You've saved up and decided to build your dream home. Congratulations! Now comes the big question: how do you ensure it's energy efficient and high-performance so you can enjoy lower utility bills and a comfortable space for years to come? The secret lies in addressing the four control layers during construction.

As an informed homebuyer, you must understand these layers and how professional builders implement them to achieve optimal building energy efficiency.

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Photo by Markus Winkler / Unsplash

Understanding the 4 Critical Control Layers for Energy Efficient Homes

To build an energy-efficient home, you need to consider how the four main control layers - water, air, vapour and thermal - interact and impact the performance of your home.

Water control aims to prevent damage from rain, leaks or spills. Things like waterproofing membranes (wall wrap/building paper), gutters, downpipes, water tanks, gray water systems and stormwater drainage all help manage water flow in and around your home.

Air control regulates air flow through your home using devices like exhaust fans, air vents, trickle vents, rain screens and heat recovery ventilation systems (HRVs). Proper air control removes pollutants and maintains good indoor air quality and thermal comfort.

Vapour control prevents excess moisture build-up inside walls and ceilings. Things like vapour barriers, insulation, ventilation, and waterproofing all work together to control vapour and prevent issues like mould growth or structural damage.

Thermal control aims to keep temperatures at comfortable levels. Insulation, glazing, shading, heating and cooling systems are all used to control heat flow into and out of your home. Optimising the thermal performance means lower energy bills and a more comfortable living environment.

By considering all four control layers during the design and construction process, builders can achieve optimal energy efficiency and performance in their homes. Focused effort and attention to detail for each control layer will result in high-performance homes that are durable, comfortable and affordable to operate.

How Air Reticulation Systems Help Manage the Air Control Layer

An air reticulation system, like a heat recovery ventilator (HRV) or energy recovery ventilator (ERV), is key to managing the air control layer in high-performance homes. These systems filter and circulate fresh air throughout the home while recovering 60-95% of the energy from the stale air being exhausted.

Read another article on this topic here:

HRVs vs. ERVs

HRVs and ERVs differ in how they handle moisture. An HRV transfers heat but not moisture between the incoming and outgoing air streams. An ERV transfers both heat and moisture. In humid climates, an ERV may be better to prevent excess moisture buildup indoors. An HRV is typically suitable in dry climates and helps avoid drying out the air.

Benefits of Air Reticulation

Proper ventilation and air circulation provide many benefits:

  • Removes pollutants like VOCs, allergens and carbon dioxide
  • Prevents excess humidity, which can lead to mold growth
  • Distributes heated or cooled air evenly for comfort
  • Recovers energy, which reduces heating/cooling costs
  • Provides fresh air for better indoor air quality and occupant health

Read another article on this topic here:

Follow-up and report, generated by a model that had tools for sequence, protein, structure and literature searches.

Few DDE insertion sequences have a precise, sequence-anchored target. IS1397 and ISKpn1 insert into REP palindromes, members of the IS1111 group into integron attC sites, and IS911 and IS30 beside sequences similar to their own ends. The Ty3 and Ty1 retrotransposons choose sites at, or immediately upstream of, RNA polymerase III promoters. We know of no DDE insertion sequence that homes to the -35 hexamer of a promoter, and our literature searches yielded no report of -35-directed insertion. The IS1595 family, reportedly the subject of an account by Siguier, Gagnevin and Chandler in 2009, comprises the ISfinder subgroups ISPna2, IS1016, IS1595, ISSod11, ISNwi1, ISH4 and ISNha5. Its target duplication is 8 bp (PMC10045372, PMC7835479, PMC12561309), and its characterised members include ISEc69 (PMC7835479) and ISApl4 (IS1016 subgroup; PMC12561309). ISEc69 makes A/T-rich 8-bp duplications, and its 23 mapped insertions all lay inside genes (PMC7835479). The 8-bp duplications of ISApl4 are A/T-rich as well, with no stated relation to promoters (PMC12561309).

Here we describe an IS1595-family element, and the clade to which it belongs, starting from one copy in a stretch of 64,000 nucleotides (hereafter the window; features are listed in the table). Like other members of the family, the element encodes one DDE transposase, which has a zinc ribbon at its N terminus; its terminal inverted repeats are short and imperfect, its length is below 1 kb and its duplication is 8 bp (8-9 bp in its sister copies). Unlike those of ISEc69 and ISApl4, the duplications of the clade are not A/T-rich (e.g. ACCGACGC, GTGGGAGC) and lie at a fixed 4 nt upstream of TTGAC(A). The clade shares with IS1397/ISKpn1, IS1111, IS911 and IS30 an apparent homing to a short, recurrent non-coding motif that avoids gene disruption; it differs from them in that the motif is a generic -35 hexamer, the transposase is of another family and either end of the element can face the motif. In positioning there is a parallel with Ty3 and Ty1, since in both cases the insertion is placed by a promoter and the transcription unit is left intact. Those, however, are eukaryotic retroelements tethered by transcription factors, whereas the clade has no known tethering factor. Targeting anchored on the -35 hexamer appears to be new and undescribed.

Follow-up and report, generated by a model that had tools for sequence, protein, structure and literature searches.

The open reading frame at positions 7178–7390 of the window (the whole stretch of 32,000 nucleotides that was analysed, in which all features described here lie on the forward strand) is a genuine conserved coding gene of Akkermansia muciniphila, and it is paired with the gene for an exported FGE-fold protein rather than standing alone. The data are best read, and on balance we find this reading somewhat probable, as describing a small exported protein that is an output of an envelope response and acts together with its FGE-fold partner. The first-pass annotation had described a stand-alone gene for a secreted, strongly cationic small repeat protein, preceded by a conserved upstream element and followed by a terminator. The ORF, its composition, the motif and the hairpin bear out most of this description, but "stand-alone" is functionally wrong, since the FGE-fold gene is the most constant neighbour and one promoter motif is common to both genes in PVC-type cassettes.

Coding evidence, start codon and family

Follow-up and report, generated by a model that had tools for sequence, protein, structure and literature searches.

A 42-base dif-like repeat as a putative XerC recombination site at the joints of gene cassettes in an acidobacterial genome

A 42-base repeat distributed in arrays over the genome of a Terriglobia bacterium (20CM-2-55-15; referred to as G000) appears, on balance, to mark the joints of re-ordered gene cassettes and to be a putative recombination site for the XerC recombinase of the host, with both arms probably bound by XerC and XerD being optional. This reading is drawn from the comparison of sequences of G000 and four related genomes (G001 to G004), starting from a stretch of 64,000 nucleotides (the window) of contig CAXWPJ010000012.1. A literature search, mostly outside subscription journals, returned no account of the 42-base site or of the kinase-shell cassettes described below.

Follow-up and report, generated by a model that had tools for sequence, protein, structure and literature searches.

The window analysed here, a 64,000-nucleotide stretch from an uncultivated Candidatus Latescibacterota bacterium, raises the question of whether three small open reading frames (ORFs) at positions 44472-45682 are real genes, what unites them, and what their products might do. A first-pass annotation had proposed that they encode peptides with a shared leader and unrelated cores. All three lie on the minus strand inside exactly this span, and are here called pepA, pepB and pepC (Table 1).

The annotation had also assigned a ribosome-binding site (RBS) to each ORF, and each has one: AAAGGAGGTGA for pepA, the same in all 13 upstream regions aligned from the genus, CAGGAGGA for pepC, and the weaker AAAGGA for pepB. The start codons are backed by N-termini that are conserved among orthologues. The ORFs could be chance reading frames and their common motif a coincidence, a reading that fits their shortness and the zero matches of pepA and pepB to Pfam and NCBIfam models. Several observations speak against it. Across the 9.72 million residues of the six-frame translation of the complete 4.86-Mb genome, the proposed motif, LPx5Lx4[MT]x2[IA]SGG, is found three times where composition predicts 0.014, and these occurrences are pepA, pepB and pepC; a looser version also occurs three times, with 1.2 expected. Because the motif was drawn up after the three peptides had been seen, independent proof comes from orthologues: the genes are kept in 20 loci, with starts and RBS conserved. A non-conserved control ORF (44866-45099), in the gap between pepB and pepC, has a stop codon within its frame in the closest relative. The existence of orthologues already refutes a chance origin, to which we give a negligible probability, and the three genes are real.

While air reticulation systems are low-maintenance, filters should be inspected regularly and changed when dirty. Outdoor air intakes and exhausts should also be checked to ensure they're clear of any obstructions. An HVAC technician can perform periodic maintenance to keep your system running efficiently and address any issues early on.

With the right equipment and maintenance, an air reticulation system will provide high-performance homes with optimal ventilation, energy efficiency, and a healthy indoor environment for years to come. The benefits to builders and homeowners alike make investing in air reticulation worthwhile.

Achieving Thermal Comfort Through Proper Insulation and HVAC

Project builders must focus on proper insulation and HVAC (heating, ventilation and air conditioning) to achieve optimal thermal comfort.


Adding insulation creates an effective thermal barrier, preventing heat transfer between the inside and outside of your home. Fibreglass batts or rolls, cellulose, and rock wool are the most common types used in new home construction. Fiberglass and cellulose trap air pockets, while spray foam expands to seal and insulate the area.

Project builders will insulate exterior walls, attics, basements, and crawl spaces according to the climate zone the home is located in. More insulation is needed in extremely hot or cold areas. Proper insulation can improve comfort, lower energy usage, and save money for the lifetime of the home (see this article and this one for more reading on this topic).


HVAC systems control your home's ambient temperature, humidity, and air quality. Project builders will install efficient systems sized for the home's square footage and insulation level. This helps ensure consistent heating and cooling while using minimal energy.

The latest HVAC technologies - like geothermal heat pumps, smart thermostats, and Energy Star-rated systems - can significantly boost the energy efficiency of any home. Geothermal systems tap into the consistent temperature below ground, smart thermostats can optimise start/stop times, and Energy Star ratings indicate high-performance, eco-friendly units.

By focusing on insulation, HVAC, and the latest green building standards, project builders are able to achieve optimal thermal comfort and energy efficiency in the homes they construct. Homeowners benefit from lower utility bills, a healthier indoor environment, and peace of mind knowing they're reducing their environmental impact.

Controlling Moisture With Vapour Barriers and Mechanical Ventilation